Just-Started Blocks
Just-Started Blocks
More Blocks
More Blocks
Wonky!
Wonky!

I Murdered My Sewing Machine!!

I managed to murder a sewing machine.   I was busy sewing wonky log cabin blocks on my late Mother-in-Law’s Kenmore when I heard, GADUMP!  I stopped and saw I had a bent needle.  I replaced it and stared to sew but the machine  continued to clunk!clunk! clunk! And clunk!  And basically not sew anything.     I needed sewing machine triage.
Chain Piecing
Chain Piecing on the Kenmore
There is no sewing repair place near my house and I don’t own a car.  I was determined not to ask a friend to schlep me and my crippled machine to a repair place so I started to look for someone who would come to my house.   I found a guy on Yelp who had one five star rating.  That was his only rating.  I called him.
“How old is your machine?” he asked
“I don’t want to buy a new one,” I retorted.  (I am always suspicious.)
“I don’t want you to buy a new one,” he answered,  “the new ones aren’t any good; but I need to know how old yours is before I know  whether I can work on it.”
“Seventeen years old, ” I replied.
“I can fix that no problem.”  He made arrangements to come to my house the next day.
My husband let him in and took his card, Jack DeSorte’s Vacuum Repair.  Jack parked himself at my dining room table and inspected the machine.  “I’ll have this fixed in about an hour, ” he announced.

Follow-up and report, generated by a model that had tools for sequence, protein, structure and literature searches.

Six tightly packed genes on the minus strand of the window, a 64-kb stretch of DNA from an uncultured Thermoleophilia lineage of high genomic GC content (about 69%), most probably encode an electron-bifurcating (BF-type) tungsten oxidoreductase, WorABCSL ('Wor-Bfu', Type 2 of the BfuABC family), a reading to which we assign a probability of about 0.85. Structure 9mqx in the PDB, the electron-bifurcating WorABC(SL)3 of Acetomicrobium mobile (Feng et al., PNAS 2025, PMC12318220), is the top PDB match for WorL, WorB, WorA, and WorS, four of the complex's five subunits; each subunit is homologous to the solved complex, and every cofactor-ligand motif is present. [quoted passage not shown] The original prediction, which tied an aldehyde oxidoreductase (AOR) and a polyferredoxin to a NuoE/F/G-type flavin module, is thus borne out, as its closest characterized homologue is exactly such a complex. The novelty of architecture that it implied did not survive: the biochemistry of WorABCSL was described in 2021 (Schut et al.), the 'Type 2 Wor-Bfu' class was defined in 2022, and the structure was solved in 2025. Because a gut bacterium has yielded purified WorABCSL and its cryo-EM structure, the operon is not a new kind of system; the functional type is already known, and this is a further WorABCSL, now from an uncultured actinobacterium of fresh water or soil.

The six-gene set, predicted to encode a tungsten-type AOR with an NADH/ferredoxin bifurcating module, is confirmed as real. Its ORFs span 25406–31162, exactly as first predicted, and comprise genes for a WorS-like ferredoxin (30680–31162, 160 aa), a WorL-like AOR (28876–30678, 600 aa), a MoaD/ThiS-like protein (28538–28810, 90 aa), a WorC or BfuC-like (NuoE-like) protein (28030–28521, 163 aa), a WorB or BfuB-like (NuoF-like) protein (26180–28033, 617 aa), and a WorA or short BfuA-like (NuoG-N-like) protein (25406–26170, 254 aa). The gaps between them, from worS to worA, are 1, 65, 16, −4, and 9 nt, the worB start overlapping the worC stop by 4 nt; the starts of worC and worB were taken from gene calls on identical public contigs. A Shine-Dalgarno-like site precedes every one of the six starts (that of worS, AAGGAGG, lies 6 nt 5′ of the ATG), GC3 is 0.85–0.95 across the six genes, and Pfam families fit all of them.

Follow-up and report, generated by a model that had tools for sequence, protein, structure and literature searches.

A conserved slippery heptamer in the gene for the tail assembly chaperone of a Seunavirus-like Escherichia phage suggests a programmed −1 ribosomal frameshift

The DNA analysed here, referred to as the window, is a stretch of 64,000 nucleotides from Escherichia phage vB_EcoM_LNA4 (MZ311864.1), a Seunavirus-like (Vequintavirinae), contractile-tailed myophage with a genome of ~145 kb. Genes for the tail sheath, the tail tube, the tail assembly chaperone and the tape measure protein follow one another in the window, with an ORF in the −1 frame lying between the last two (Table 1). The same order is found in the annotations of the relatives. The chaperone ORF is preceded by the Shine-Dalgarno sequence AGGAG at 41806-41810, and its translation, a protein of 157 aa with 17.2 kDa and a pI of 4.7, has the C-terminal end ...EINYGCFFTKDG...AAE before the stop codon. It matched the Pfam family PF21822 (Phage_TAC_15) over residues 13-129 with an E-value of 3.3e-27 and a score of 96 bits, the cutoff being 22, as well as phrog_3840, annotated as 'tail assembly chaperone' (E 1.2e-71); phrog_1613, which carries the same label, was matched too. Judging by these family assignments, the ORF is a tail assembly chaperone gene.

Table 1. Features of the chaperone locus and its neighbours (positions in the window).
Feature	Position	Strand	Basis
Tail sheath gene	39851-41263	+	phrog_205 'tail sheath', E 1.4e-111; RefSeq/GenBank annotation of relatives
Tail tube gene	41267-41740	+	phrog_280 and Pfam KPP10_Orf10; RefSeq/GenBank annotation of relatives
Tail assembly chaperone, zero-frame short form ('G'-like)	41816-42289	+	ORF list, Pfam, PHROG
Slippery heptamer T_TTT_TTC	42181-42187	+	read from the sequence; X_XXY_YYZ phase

My heart soared.  For the next hour,  Jack labored on the machine and treated my husband and me to the short version of his life story, his philosophy of sewing machines, sewing machine repair and sewing machine restoration.  It dawned on me that I had a first class, genuine, A-Number One sewing machine nerd repairman seated in my dining room.  Which is a good thing in case you were wondering.
After an hour,  Jack rose from the table wiping his forehead and informed me that he would have to take the machine into his shop.  “I don’t know what you did to this machine, ” he declared, ” but I’m gonna have to take the whole thing apart and it’s gonna be messy.  I  might need parts.  I can’t fix it here.”
“Will you bring it back when it’s fixed?” I inquired.
“Of course,” he replied as if wondering why I had to ask about something so obvious.